Dunwoody resident Tareva Ruffin loved her two “babies” – her 13-year-old daughter Mikayla, and her dog, a two-year-old Maltipoo named Milo.

Mikayla Crawley with Milo.

Ruffin, a three-year resident of Dunwoody Village Apartment Homes located off North Peachtree Road near I-285, lived in a two-bedroom unit with Milo and Mikayla and never feared letting her daughter take the dog on short walks in front of their building.

That is, until March 27.

“I had told my daughter to take Milo out to the front for a minute while I was getting ready to leave,” Ruffin said. “Then I heard her screaming that a pit bull had taken Milo.”

According to a Dunwoody Police report filed shortly after the incident, Officer J. Laverty responded to multiple calls of a large brown pit bull attacking a small dog at the complex. His report said that Ruffin’s daughter had observed the pit bull “biting and violently shaking Milo on the ground.”

“Upon arrival, I was informed by another neighbor that the pit bull had taken the dog behind building 2343,” Laverty said in his report. “I walked to the last known area and located a deceased small black and white dog lying on the ground.”

According to the report, the pit bull could not be located, nor its owners. In Laverty’s report, Ruffin told the officer that she “does want to press charges against the dog owners if they are identified.”

Milo, the two-year-old Maltipoo who was killed in a dog attack.

DeKalb County Animal Control personnel came to the scene “and took over the investigation,” according to Laverty’s report. Ruffin said she has talked to Dunwoody police officers, who have said they visited the apartment where they believe the owners of the pit bull live, but nobody has answered the door.

“They have told me that’s all they can do, because they don’t have probable cause to take further action,” she said.

Other than the report, the Dunwoody police had no further comment on any action that has taken place since the incident.

“I also have reached out many times to the apartment management group and all they say is that ‘it’s being taken care of,’” Ruffin said.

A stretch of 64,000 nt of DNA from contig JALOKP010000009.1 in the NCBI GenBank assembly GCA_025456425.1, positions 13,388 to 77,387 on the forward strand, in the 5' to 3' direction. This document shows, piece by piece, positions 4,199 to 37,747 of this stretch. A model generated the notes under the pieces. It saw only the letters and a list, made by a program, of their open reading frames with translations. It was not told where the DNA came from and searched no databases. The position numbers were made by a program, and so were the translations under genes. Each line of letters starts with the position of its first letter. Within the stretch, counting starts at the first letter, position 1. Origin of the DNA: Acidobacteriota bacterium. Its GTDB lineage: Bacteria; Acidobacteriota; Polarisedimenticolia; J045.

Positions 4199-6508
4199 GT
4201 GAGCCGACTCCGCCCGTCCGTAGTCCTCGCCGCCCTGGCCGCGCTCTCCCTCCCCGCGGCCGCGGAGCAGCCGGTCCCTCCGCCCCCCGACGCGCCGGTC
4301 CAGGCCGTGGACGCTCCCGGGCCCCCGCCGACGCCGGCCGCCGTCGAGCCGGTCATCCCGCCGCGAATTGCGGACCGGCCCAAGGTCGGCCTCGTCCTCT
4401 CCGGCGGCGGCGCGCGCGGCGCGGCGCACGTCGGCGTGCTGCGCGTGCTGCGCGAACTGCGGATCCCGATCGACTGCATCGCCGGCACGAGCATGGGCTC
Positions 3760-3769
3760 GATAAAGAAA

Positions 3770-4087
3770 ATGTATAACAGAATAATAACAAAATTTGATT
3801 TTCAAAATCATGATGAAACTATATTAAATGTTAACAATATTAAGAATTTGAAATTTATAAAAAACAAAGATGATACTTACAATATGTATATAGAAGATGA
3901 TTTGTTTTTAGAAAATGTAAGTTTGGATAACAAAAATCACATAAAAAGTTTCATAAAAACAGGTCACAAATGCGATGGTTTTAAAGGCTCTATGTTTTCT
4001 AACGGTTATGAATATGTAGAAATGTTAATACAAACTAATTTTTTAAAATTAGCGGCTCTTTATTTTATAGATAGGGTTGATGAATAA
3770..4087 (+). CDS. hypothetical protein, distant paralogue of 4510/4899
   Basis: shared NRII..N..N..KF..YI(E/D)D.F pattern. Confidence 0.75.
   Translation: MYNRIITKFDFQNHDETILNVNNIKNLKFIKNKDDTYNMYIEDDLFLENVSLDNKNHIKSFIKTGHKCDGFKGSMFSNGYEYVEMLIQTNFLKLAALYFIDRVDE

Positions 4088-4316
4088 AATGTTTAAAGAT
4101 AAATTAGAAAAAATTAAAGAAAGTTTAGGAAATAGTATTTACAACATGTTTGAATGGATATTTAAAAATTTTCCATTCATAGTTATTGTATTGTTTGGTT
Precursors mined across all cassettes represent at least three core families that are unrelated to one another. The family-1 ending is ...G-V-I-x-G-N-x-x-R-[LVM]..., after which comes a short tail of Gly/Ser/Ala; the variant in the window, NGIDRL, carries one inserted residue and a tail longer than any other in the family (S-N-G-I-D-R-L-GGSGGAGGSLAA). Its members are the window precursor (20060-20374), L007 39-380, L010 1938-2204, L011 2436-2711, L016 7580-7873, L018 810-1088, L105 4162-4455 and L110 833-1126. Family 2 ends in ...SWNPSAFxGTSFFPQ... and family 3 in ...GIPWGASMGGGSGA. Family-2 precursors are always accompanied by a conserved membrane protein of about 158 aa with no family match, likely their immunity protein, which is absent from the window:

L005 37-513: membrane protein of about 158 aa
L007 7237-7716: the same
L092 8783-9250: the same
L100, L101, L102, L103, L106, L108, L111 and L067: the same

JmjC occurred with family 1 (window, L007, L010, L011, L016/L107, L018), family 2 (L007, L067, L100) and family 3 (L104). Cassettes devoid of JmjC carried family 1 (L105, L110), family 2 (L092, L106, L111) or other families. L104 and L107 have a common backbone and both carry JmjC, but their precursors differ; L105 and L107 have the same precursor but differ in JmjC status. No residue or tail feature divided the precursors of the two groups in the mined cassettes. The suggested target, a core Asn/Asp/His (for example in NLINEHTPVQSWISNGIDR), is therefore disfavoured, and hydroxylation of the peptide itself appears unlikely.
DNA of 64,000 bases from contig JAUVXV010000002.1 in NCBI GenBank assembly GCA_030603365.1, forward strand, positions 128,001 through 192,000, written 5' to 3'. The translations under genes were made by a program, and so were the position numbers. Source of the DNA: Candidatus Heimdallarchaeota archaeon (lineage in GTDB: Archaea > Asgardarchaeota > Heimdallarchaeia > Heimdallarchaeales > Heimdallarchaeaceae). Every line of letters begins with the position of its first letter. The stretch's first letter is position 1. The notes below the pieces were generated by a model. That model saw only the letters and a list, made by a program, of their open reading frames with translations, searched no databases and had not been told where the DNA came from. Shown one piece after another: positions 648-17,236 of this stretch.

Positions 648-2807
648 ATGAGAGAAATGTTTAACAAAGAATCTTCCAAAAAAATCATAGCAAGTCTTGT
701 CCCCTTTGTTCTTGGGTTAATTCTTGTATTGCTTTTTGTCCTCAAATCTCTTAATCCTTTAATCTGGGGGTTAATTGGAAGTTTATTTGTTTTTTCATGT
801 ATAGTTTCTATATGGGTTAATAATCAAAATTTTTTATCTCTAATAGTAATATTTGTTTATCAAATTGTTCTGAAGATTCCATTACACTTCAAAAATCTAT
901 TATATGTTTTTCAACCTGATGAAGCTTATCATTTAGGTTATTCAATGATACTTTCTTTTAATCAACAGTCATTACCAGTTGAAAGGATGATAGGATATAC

Since the incident, it has come to light that the pit bull has allegedly been involved in other mauling incidents. According to a resident who requested anonymity, his large dog was attacked by the same pit bull in late October or early November of 2021 when the pit bull, again running loose, attacked his dog.

“I was walking my dog and the pit bull was running without a leash, and it attacked my dog,” the resident said. “Someone who said he was the dog owner’s boyfriend came over and pulled the dog off and apologized. I left the area quickly with my dog, but a few minutes later, the dog came running and again attacked my dog.”

The resident said he wrestled the pit bull to the ground and held it around its neck. Meanwhile, the resident’s dog ran away. The dog owner’s boyfriend came over to assist.

“I was telling him, ‘You need to do something because I’m about to kill your dog,’” the resident said.

Finally, the pit bull was leashed, and the resident located his dog, which had minor cuts but no serious injuries. In hindsight, because of the attack on Milo, the resident said he wished he had reported the incident to animal control and the apartment complex management.

After Milo’s death, Ruffin said she learned of another incident involving a golden retriever that was attacked by the same pit bull.

“I talked to the owners of the golden retriever, and they said the pit bull had attacked their dog, and that the owner of the pit bull paid for medical treatment for the dog,” Ruffin said.

The owners of the injured dog did not return repeated requests from Reporter Newspapers for an interview about the incident.

In addition, representatives from Bridge Property Management, which leases and manages the apartments, did not return calls for comment about the pit bull or its owners.

Ruffin said she is frustrated by the lack of action by the property management company, and she is deeply troubled by the psychological effect Milo’s death has had on her daughter.

“I feel like they just want me to go away, but I’m not going to do that,” she said. “My daughter’s mental health has declined rapidly. She won’t leave the house and hasn’t been to school since this happened. She won’t leave my side because she’s so worried that the dog is still running loose.”

Ruffin said she is most troubled that Mikayla feels responsible for Milo’s death.

“She is blaming herself for not being able to save Milo, but I told her, ‘I would have lost two babies that day, not one.’”

Ruffin said she wants the management company to acknowledge their negligence, the pit bull euthanized, her daughter’s medical treatment reimbursed, and the tenants evicted from the complex. She has retained a lawyer, who has been in contact with Bridge Property Management.

“We have to protect our children and pets for the future,” she said.

Cathy Cobbs

Cathy Cobbs is a freelance writer based in Dunwoody. She can be reached at khakico@gmail.com.